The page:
State v. Jason C. Miller, 2004 WI App 117, PFR filed 6/7/04
For Miller: Robert T. Ruth
Issue/Holding: Issue preclusion doesn’t bind subsequent action involving exclusion of evidence due to discovery violation, where sanctioned case was dismissed and then reissued and discovery begun anew:
¶22. In the second action, the facts were different in that Miller already had a copy of the expert’s summary. Thus, the first two issues decided by Judge Krueger were not before Judge Flanagan for decision. The issue that Miller raised in his motion did ask Judge Flanagan to decide whether Wis. Stat. § 971.23(7m)(a) required that the expert’s testimony be excluded in this action, but that was not the same as the third issue decided by Judge Krueger. Judge Krueger decided that § 971.23(7m)(a) required exclusion of the State’s expert testimony in the trial then scheduled because the State had not provided a summary within a reasonable time before that trial and did not have good cause. The issue before Judge Flanagan regarding that testimony was whether § 971.23(7m) or some other authority required that the testimony be excluded even though Miller had a summary of the expert’s testimony well in advance of the trial in the second case.
¶23. Miller argues that the factual context of the issue or issues presented to Judge Krueger and to Judge Flanagan are different only because the State “manipulated” the facts by seeking dismissal and then refiling the charges, and we should therefore disregard the differences. However, the doctrine of issue preclusion is not concerned with why the facts are different in the second litigation and, thus, why there is a different issue of law presented. Rather, the doctrine is aimed at limiting litigation of an issue that has actually been litigated. We are satisfied that, by taking the position that its expert’s BAC testimony is admissible in this action, the State is not seeking to relitigate an issue of law or fact decided by Judge Krueger.9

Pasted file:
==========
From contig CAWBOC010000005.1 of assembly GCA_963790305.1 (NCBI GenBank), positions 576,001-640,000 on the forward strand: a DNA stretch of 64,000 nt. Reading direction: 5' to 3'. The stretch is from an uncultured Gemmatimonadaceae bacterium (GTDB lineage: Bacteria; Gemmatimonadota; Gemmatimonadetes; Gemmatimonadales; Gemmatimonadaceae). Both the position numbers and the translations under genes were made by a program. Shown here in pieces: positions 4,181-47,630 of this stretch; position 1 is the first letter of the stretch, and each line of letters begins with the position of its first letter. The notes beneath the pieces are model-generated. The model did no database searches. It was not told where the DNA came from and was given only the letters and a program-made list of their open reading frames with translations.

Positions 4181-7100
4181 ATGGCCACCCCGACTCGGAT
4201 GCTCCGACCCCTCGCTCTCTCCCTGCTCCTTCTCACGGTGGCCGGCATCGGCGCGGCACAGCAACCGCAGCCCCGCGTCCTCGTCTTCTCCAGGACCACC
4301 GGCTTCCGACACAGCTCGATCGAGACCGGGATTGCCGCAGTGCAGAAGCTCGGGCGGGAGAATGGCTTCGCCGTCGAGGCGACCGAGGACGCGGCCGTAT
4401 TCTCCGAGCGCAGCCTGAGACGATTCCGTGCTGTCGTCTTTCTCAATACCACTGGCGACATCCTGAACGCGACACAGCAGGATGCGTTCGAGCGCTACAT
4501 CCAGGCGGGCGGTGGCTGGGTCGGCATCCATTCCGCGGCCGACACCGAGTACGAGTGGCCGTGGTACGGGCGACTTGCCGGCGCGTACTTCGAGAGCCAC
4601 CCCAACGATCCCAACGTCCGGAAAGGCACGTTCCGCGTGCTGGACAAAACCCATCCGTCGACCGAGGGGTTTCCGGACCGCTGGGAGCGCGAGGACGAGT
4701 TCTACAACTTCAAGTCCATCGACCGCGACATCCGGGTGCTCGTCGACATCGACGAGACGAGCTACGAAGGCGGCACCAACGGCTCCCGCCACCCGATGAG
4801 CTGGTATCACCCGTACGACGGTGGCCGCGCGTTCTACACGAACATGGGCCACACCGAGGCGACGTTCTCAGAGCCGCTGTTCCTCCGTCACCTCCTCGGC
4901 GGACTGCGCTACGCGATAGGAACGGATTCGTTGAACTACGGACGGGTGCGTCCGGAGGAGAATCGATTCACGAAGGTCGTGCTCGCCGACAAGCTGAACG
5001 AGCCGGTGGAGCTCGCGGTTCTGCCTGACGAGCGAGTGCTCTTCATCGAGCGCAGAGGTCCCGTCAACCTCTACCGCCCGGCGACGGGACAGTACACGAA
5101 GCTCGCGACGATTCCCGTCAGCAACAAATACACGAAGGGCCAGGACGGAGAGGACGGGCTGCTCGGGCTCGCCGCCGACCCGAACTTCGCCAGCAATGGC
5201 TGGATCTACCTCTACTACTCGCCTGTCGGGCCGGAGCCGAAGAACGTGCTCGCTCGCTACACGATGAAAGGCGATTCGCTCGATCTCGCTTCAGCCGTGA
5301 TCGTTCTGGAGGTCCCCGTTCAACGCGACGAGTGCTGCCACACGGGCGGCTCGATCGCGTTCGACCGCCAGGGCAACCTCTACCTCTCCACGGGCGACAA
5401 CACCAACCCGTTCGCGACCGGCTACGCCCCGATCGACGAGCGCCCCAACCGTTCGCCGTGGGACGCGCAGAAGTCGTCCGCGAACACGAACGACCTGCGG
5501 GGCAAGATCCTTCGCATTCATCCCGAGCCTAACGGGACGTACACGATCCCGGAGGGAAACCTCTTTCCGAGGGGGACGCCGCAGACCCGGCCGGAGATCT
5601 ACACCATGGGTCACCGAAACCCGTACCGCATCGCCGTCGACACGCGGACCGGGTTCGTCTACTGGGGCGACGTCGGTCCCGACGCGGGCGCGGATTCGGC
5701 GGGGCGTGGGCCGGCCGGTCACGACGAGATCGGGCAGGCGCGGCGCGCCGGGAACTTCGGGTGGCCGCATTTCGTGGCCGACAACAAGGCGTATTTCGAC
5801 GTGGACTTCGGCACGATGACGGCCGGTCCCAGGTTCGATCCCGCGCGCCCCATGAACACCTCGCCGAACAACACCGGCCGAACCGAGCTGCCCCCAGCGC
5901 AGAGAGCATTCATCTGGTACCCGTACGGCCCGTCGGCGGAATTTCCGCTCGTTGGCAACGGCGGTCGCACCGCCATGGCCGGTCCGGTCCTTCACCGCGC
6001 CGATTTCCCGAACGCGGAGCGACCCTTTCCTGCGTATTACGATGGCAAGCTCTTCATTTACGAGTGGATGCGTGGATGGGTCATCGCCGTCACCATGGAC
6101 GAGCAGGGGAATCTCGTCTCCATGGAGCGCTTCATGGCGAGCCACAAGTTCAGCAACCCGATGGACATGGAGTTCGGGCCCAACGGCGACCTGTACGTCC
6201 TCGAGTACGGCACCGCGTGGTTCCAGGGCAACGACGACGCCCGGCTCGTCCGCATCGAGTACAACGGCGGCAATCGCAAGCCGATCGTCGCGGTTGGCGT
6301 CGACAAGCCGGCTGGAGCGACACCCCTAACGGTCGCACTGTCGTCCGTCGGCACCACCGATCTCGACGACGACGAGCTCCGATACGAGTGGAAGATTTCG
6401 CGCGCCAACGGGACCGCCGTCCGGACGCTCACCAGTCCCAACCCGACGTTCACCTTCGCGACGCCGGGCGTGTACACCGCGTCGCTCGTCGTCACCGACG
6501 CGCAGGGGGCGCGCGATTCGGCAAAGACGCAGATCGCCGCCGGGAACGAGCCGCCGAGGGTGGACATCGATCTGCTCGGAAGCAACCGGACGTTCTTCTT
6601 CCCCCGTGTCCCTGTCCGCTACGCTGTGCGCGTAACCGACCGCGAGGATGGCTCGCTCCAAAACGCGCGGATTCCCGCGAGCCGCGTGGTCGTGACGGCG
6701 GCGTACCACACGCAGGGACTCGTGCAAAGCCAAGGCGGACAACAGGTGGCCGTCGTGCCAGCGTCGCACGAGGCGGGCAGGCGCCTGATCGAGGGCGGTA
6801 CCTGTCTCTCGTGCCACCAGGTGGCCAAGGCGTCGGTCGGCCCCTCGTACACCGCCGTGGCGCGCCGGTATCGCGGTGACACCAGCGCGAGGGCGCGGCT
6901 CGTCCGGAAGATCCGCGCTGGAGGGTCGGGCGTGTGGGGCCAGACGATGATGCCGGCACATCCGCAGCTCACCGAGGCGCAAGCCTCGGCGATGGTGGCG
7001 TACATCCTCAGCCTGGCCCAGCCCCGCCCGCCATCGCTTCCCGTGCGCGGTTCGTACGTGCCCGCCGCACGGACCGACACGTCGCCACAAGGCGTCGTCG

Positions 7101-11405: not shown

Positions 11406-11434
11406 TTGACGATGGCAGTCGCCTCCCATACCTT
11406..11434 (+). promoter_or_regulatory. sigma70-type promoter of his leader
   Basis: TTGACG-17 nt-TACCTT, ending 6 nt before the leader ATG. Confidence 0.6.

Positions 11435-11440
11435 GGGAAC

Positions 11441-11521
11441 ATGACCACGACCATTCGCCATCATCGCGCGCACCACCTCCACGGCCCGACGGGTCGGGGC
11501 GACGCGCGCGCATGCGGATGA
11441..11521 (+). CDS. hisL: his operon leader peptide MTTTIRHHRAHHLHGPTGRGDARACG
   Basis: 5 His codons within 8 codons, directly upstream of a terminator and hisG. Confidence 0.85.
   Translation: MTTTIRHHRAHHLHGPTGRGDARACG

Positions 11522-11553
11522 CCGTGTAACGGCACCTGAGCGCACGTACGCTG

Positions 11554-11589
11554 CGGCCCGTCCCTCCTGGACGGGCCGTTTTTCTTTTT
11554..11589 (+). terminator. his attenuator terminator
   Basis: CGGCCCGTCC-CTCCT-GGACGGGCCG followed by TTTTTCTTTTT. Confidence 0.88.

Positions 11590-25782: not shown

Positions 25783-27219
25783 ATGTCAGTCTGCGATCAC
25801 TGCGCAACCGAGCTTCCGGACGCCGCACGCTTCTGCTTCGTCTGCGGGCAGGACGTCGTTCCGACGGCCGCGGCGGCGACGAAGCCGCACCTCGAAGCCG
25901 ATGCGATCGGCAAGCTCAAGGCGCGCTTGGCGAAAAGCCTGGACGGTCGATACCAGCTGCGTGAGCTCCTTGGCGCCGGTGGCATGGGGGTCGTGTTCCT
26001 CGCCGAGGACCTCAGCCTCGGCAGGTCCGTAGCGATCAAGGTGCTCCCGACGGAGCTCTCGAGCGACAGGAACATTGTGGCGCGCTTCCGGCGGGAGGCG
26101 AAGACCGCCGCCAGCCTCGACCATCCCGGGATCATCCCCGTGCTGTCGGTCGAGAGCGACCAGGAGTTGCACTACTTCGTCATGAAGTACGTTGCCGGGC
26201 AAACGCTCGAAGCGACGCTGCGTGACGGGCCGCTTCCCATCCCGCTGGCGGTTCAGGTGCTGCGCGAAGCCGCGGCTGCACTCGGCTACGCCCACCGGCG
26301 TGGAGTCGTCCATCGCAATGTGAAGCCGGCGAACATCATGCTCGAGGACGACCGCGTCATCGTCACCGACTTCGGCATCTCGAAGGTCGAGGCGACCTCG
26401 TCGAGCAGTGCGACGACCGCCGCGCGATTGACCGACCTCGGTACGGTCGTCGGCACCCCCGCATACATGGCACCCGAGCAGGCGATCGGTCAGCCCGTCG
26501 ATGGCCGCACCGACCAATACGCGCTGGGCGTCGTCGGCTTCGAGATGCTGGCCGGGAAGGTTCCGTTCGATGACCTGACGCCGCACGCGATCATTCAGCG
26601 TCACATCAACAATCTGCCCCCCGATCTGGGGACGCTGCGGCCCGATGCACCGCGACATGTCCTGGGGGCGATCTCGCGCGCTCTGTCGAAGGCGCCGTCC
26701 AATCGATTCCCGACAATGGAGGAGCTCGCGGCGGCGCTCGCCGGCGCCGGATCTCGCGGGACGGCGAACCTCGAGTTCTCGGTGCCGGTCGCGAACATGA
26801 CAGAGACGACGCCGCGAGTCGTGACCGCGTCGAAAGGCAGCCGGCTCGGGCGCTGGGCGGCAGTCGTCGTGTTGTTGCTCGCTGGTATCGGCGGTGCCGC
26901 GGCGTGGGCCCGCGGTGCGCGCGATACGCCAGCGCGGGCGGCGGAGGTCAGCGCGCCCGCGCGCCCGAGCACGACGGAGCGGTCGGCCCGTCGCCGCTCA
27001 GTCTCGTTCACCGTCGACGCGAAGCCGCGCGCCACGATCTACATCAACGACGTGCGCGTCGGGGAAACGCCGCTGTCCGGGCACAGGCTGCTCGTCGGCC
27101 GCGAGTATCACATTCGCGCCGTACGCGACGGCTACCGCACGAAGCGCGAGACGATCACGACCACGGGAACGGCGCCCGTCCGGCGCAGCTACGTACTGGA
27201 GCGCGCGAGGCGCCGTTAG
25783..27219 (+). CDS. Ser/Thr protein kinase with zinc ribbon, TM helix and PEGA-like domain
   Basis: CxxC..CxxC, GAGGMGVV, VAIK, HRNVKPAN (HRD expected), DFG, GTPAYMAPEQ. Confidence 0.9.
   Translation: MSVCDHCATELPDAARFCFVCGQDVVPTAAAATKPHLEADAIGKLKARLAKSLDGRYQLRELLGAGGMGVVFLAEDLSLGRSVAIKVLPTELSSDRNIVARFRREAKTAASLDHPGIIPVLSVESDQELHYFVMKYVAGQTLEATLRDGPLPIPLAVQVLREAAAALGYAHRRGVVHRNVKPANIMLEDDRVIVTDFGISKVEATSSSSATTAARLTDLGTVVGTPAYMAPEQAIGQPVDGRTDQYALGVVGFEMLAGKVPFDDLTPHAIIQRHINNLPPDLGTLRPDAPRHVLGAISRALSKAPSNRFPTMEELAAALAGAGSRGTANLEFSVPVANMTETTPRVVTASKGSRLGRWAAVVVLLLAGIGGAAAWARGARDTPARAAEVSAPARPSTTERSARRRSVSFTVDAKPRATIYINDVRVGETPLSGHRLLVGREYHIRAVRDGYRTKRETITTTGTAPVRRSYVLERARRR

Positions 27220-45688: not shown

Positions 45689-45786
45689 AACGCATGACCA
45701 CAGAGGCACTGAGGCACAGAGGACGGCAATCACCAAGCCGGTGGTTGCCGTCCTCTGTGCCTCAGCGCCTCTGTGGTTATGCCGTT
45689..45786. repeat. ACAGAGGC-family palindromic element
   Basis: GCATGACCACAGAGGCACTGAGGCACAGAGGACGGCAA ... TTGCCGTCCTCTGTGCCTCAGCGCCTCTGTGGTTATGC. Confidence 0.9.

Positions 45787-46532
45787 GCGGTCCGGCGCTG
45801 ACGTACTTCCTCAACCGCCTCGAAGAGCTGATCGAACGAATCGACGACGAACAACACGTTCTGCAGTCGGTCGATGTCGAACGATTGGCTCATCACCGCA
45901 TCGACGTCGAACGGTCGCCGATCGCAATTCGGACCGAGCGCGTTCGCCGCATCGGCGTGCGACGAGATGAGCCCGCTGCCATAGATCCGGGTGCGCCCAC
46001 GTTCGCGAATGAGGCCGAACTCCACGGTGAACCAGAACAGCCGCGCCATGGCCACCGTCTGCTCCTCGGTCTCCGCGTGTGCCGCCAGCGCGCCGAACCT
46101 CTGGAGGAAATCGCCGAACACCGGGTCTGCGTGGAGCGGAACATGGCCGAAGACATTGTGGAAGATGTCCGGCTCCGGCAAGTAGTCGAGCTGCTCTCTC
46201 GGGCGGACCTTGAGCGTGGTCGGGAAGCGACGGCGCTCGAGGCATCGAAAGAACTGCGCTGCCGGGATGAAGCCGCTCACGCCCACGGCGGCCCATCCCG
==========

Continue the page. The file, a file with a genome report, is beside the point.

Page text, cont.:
9 We observe that the factual differences, and hence the different legal issues presented in the first and second actions here, distinguish this situation from one in which a motion to suppress evidence based on a legal standard applied to historical facts is decided in a prior action and in the later action a party seeks a ruling on suppression of the same evidence based on the same historical facts and same legal standard. See, e.g., Jones v. State, 47 Wis. 2d 642, 655-57, 178 N.W.2d 42 (1970). Our decision does not address issue preclusion in such a situation.